1316 ried out in discrete steps that are repeated up to 20,000 times corresponding to about 18 years. Eventually the appearance of an emergent viral strain determines the death of the host (i.e., the simulation stops). This is arbitrarily declared when the viral load exceeds 108 copies/ml. In addition to representing both the cellular and the humoral immune response at one time, this model takes into account the concept of clones or repertoire of lymphocytes.9,10 The model gives us the chance to represent a vastalthough not so large number of different cell receptors. We use a sequence of bits (bit-string) to code for the receptor so that with l bits we represent a repertoire whose size is equal to 2l. Receptor binding is modeled through a probability, which is a function of the bitstring match.6,7 Nonperfect match allows cross-reactivity among recognized antigens and their mutants. The activation of the virus (beginning of transcription) happens with a certain probability pw. In such a way, we account for variants of the virus with a low value of pw, which may be interpreted either as strains having a poor adaptation (those having good chances to become extinct) or as strains that are activated very late. Newly assembled HIV-1 in productively infected cells accumulates inside the cell at a rate given by another parameter pr. With the same rate pr, a part of these virions bud from cell membranes. Hence, if pr is high, the accumulation of virions inside the cells causes cell rupture and consequent release of viral content into the plasma. Finally, HIV-1 mutates in productively infected cells. The mutation rate is given by pm, the last of the three parameters pw, pr, pm, which, together with the bit-strings for the viral phenotype, identify a viral strain. Reservoirs for HIV-1 are very important in understanding the dynamics of HIV-1, especially in correlation with the ability to survive highly active antiretroviral therapy.11,12 In our model we take into account the reservoirs provided by longlived memory CD4 T cells ignoring other potential anatomical sanctuaries (e.g., brain or eyes).13 To take into account the impairment of CD4 T cell production,14,15 we implemented a simple mechanism by which the probability of decreasing the number of CD4 T cell produced by the bone marrow by a factor of one cell every day is pr x2/(C 2 x2), where x is the number of CD4 T cells that are productively infected and C is a constant chosen proportionally to the original count of CD4 T cells in the simulated space. Lastly, it is worth mentioning that the growth of clones of lymphocytes is limited stochastically, since the probability for a cell that is in the mitotic cycle to create a copy of itself is multiplied by a factor that decreases exponentially with the total number of lymphocytes present in its neighborhood. In the context of CD4 T cell selective loss during HIV infection, this mechanism introduces a competition between CD4 and CD8 for replenishment and resembles, overall, the blind homeostasis hypothesis16 used in another mathematical model of HIV infection.17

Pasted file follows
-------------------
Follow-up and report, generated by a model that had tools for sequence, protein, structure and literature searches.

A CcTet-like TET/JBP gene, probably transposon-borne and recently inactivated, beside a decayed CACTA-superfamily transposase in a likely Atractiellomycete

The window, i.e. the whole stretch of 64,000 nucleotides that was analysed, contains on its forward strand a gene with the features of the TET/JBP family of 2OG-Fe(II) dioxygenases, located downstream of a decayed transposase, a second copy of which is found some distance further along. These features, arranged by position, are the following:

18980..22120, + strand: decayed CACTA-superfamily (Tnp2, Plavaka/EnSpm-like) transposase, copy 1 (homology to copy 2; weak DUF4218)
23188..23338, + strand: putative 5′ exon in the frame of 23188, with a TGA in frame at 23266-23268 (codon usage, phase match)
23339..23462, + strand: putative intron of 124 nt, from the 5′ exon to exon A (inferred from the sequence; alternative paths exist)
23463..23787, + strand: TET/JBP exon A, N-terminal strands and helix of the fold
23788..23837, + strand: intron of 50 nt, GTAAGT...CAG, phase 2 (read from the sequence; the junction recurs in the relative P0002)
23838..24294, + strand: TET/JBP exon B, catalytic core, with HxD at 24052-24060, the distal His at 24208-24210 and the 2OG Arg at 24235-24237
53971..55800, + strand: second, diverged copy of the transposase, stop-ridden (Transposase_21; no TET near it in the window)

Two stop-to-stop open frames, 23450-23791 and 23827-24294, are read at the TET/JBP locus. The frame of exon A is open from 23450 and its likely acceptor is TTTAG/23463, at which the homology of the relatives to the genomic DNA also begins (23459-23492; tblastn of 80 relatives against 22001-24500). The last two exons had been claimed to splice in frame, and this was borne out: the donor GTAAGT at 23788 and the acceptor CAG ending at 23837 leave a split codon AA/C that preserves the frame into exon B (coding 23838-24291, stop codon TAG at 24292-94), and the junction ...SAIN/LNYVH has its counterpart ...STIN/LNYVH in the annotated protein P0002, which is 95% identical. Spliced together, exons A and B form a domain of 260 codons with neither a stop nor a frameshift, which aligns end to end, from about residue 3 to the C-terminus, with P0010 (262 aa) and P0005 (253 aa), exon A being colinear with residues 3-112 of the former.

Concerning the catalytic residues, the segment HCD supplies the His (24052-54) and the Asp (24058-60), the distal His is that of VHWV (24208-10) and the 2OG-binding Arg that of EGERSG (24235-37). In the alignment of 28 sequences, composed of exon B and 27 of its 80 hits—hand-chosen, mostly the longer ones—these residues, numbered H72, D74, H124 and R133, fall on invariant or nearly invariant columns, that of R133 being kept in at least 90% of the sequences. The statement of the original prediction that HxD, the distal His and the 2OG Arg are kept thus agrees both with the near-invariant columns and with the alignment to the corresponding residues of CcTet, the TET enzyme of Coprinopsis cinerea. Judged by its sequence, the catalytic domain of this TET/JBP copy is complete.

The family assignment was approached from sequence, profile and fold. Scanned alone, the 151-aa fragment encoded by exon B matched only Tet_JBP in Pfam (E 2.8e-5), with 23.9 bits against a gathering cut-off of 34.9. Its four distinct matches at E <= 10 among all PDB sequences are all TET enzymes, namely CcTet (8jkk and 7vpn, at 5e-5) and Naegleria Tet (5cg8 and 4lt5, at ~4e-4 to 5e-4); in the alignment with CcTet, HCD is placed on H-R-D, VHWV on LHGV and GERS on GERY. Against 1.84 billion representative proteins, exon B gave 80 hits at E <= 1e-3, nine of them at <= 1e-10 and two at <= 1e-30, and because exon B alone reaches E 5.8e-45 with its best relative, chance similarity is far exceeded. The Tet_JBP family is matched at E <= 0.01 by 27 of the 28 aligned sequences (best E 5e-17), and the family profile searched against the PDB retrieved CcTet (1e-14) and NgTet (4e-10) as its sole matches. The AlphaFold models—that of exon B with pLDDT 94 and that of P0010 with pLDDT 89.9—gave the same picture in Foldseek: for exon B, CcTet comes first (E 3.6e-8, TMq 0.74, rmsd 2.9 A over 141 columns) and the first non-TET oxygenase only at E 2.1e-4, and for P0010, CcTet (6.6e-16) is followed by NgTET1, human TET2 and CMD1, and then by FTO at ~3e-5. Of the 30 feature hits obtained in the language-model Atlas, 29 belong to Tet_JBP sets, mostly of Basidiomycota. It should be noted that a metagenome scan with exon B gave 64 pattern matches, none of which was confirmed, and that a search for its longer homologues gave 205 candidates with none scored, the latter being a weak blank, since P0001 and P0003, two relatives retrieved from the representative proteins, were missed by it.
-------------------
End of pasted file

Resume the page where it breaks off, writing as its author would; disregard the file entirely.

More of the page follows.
CASTIGLIONE ET AL. virus in an individual at a given time (we will also be referring to them as escape mutants), or, in other words, the number of genetically different viruses.19 Hence, here, HIV-1 is represented by a collection of bit-strings coding for peptides and epitopes. The bit-string length used for the simulations presented herein is l 12, which gives a potential repertoire of 2l 4096 cell receptors, epitopes, and peptides (see Farmer et al.20 for the first use of a bit-string model in immunology). Moreover, since for simplicity HIV-1 is here represented as just one peptide (namely the T cell peptide) and one epitope (namely the B cell peptide), the potential number of viral strains is 224 108. With respect to our previous study,8 we have an additional level of description by which we can specify the functional properties of the simulated virus. We map the genotype to the phenotype by means of a simple formula that assigns to the activation, replication, and mutation rate, the triplet of numbers pw, pr, and pm between 0 and 1, respectively. The values pw, pr, and pm are calculated from different nonoverlapping zones of the binary string that describes the single epitope of the virus. Since the bit-mutation is completely random, it may flip any of the bits representing the peptide or the epitope. In either case a different outcome is obtained: (1) if the peptide is modified, the affinity with the molecules MHC class I or II changes. This accounts for the appearance of variants of the virus that are not subject to the cytotoxic activity of CD8 cells; (2) if the epitope is modified, then one of the three values of the triplet (pw, pr, pm) is modified. The range of possible values for pw, pr, and pm is chosen by looking at the results of a set of preliminary runs in such a way as to reproduce, on average, the three-phase dynamics of HIV infection. More to the point, 105 pw 104, 105 pr 104, and 104 pm 103 (recall that pm is a per-bit mutation rate). Note that each rate can assume only a subset of discrete values in these intervals. In particular, since we use four bits, there are 16 possible values for each rate.